This fear of not becoming another Japan and at the same time not engineering another Great Depression led to the Federal Reserve keeping interest rates low much longer than it should have. This led to the real estate bubble which would finally start bursting in 2007-2008.
As Barry Eichengreen writes in his brilliant new book Hall of Mirrors—The Great Depression, The Great Recession and The Uses—And Misuses—Of History: “With benefit of hindsight, we can say that the Fed overestimated the risk of deflation and responded too preemptively and aggressively. As a student of Japan and of the Great Depression, Bernanke may have been overly sensitive to the danger of deflation at this point of time. In other words, history may be useful for informing the views of policy makers of how to respond to certain risks, but it may also shape and inform outlooks in ways that heighten other risks”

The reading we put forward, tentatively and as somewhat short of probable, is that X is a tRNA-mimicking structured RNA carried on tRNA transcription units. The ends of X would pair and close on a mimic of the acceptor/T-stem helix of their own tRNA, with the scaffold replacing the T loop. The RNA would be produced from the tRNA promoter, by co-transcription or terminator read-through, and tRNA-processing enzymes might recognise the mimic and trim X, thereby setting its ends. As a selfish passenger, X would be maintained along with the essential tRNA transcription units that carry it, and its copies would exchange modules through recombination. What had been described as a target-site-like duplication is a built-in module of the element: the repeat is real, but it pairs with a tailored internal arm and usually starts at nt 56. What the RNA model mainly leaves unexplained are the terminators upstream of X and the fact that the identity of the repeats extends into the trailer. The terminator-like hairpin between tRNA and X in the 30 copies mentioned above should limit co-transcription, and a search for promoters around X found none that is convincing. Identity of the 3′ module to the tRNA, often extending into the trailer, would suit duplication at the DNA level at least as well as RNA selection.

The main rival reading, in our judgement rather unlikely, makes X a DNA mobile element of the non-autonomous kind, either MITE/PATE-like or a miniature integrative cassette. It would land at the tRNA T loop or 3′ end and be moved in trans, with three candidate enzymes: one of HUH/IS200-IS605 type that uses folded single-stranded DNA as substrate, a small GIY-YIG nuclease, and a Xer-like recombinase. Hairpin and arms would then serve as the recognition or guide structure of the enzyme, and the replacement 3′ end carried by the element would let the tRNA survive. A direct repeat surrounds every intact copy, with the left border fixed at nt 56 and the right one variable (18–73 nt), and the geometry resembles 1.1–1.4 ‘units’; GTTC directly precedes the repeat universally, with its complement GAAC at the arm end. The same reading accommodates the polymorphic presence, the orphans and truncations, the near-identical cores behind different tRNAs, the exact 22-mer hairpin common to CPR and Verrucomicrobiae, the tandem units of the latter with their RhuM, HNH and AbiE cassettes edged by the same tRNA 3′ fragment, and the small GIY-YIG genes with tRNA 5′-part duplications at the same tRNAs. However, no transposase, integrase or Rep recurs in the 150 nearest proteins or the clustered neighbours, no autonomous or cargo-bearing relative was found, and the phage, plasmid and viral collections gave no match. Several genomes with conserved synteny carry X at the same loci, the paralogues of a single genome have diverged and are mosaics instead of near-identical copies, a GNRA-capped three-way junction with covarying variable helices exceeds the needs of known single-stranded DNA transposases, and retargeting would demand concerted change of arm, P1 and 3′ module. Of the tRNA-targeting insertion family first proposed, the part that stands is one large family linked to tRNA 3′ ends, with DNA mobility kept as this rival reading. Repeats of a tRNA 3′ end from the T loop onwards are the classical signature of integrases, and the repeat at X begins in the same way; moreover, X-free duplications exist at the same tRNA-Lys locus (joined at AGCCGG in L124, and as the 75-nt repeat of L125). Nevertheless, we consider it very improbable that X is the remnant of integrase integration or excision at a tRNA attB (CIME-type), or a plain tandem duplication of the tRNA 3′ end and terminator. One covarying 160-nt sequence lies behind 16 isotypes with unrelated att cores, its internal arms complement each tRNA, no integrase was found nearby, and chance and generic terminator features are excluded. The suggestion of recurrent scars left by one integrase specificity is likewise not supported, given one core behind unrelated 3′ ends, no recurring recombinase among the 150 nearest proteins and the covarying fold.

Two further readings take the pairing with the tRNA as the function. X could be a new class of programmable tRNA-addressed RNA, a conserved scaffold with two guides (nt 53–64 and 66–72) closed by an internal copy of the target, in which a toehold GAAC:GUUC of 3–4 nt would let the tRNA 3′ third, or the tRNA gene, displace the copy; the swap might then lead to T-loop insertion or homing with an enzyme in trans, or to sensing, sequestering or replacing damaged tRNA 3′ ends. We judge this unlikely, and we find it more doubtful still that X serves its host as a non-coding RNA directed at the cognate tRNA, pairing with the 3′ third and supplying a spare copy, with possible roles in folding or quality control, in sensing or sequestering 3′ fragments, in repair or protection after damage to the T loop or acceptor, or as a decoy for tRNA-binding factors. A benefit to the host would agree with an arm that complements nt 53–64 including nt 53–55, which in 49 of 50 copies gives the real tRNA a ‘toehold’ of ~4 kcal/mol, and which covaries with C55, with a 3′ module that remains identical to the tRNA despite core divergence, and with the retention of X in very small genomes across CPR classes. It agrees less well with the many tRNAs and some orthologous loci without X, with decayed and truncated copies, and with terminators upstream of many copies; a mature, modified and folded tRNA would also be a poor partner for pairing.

Bernanke’s world view led to the Federal Reserve keeping interest rates low much longer than it should have. Over and above this, the inflation data that was coming out at that point of time may also have had a role to play. As Eichengreen writes: “Distorted data may have also contributed to the Fed’s exaggerated concern with deflation. Contemporaneous data showed the personal consumption expenditure deflator[the inflation index that the Federal Reserve follows], cleansed of volatile food and fuel prices, falling to less than 1% in 2003, dangerously close to negative territory. Subsequent revisions revealed that inflation in fact had already bottomed out at 1.5% and was now safely on the rise.”
This led to Federal Reserve maintaining low interest rates, when it should have been raising them. In the process, the Fed ended up fuelling the real estate bubble, which finally led to the bankruptcy of Lehman Brothers in September 2008, and the start of the current financial crisis, which was followed by what is now known as the Great Recession.
The column originally appeared on The Daily Reckoning on May 29, 2015